Review of The Haze Album by Pulled Apart By Horses

There was a time when Pulled Apart By Horses were leading the charge of weirdo rock music in the UK. Their 2010 self-titled debut was an in-your-face, angular riff storm reinforced by oddball lyrics. Gradually, they became a smoother act, with 2014's 'Blood' displaying a more nuanced stoner rock sound, however they managed to maintain their quirkiness with hypnotic songwriting and a spellbinding atmosphere. Here we have their latest record 'The Haze' which sees them switching things up yet again.

Pulled Apart By Horses The Haze Album

The title track kicks this record off to announce a very different Pulled Apart By Horses with a much more indie-rock sound than what's proceeded, made up of breezy, summery guitars that still pack a punch with the pedal-to-the-metal speed they're going at. 'The Big What If' has more burliness and stomp to it, with the guitars being that little bit more firm, but it carries the baton from the previous song. 

'Lamping' is the most relaxing song the band have ever done. It might have some firm, muscular riffs here and there, but a lot of this song feels like it's lying down in the park with the dreamy, psychedelic vocals and guitars gazing up into the sky. It's a surprising direction for the band, even on this album, but they do great job of it. 

This is a great little indie rock record so far. The spirited guitars and carefree vocals make for a good time. However, there is something missing. Pulled Apart By Horses seem to have lost a good amount of their freaky edge with 'The Haze' and there's very little setting them apart from other bands of this ilk. It isn't necessarily that this is their least aggressive record to date, as 'Blood' was the band's least aggressive prior to this, but the difference is where they'd abandoned some old elements with 'Blood' they replaced them with aspects to keep it distinctly Pulled Apart By Horses. With 'The Haze' the same can't be said unfortunately.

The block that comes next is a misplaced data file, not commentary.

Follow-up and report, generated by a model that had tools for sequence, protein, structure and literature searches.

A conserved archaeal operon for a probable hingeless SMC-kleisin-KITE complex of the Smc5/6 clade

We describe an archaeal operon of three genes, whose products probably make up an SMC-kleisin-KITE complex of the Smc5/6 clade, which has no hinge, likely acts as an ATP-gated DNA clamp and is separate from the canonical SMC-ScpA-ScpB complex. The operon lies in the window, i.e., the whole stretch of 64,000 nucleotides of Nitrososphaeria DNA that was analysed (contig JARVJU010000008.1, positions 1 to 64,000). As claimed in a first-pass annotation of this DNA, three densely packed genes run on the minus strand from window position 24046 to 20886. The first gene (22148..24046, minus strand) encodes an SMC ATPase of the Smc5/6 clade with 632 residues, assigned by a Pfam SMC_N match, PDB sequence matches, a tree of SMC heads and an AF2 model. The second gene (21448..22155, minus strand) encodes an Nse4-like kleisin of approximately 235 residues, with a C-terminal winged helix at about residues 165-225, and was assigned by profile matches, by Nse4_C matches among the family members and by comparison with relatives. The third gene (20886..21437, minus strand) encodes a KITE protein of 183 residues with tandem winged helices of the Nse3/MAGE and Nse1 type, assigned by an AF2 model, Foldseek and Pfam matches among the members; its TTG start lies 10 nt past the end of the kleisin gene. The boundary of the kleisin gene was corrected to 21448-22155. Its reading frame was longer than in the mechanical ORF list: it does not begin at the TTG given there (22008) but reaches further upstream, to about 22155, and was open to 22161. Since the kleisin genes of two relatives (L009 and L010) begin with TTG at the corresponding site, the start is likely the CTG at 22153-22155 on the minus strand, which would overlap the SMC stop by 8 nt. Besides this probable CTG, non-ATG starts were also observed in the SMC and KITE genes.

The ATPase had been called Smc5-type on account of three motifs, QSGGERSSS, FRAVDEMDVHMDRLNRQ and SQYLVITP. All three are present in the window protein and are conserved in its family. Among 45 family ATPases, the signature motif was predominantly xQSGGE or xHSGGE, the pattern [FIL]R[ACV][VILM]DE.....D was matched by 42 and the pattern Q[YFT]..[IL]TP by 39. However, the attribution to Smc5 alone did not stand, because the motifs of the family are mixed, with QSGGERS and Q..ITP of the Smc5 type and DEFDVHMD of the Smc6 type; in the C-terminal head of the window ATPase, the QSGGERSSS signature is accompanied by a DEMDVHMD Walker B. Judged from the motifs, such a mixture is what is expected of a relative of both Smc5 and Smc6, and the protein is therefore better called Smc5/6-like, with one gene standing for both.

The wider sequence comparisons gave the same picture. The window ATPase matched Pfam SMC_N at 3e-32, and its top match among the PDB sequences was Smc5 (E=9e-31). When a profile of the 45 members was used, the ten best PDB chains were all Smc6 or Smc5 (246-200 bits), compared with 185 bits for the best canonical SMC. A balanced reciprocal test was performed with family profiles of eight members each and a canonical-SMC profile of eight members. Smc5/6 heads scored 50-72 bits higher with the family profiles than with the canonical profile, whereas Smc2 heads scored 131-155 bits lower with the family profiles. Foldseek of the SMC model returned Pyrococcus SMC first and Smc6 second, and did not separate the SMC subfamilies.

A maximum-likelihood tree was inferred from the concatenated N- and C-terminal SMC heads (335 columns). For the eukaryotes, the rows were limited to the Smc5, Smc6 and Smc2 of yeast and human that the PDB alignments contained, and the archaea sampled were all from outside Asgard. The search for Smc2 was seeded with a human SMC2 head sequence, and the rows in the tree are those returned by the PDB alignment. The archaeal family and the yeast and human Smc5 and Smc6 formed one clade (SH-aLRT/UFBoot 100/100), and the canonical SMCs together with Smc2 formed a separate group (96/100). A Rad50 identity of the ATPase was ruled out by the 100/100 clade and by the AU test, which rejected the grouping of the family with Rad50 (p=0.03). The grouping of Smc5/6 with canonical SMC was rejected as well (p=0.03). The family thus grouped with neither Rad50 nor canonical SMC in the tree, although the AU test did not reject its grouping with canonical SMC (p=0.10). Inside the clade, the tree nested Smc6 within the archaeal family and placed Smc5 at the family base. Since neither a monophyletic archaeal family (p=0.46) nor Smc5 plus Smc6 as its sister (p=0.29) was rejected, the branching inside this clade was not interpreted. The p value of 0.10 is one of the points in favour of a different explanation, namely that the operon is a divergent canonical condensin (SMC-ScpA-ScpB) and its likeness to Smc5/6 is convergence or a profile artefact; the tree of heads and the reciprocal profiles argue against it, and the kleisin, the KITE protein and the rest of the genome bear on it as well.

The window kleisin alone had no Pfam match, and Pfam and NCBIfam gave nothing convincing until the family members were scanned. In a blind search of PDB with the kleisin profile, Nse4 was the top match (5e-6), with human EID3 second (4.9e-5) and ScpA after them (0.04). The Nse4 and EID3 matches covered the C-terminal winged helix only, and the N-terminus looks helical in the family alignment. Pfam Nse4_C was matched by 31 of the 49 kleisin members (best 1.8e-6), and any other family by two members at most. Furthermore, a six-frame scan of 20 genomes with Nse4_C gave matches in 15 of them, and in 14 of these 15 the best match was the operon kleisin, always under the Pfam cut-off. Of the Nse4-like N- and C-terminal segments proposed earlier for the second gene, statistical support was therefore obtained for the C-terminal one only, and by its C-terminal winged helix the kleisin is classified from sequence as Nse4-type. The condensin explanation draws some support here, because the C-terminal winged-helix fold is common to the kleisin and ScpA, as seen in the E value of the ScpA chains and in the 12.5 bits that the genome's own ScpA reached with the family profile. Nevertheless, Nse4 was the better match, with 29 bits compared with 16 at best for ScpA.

This isn't necessarily a bad thing, especially when a good lot of this record is done really well, for what it is. It's just that Pulled Apart By Horses don't feel like the one-of-a-kind band they used to be and not every song on here is a winner either. 'What's Up Dude?' just drags and feels dated as hell. Its stop-start fuzzy riffs and 'ah-ha-ha' vocal, come across as tired, as much as they want to make out they're spry. 'Brass Castles' is less than two minutes long, but it feels like it goes on for longer, with more rock tropes, like sting bends, played with little conviction making them feel more like cliques.

Luckily 'Dumb Fun' sends this thing out on a high with delay tinged guitars, which make the song feel quite sharp and then there's the bouncing energy of the track which goes toe-to-toe with all the best songs on this record.

'The Haze' is a good record, it's just that it's a good record that you've heard been done plenty of times before. If you've loved Pulled Apart By Horses' for their individuality, this may disappoint you. If you vastly prefer the band's days of hyperactive, stabby riffs to the subtlety of 'Blood', you're probably not going to like this. With that being said however, if you're an indie-rock fan, if you're a fan of easy-going guitar music in general, then definitely give this a listen whether you're new to the band or a long-time fan.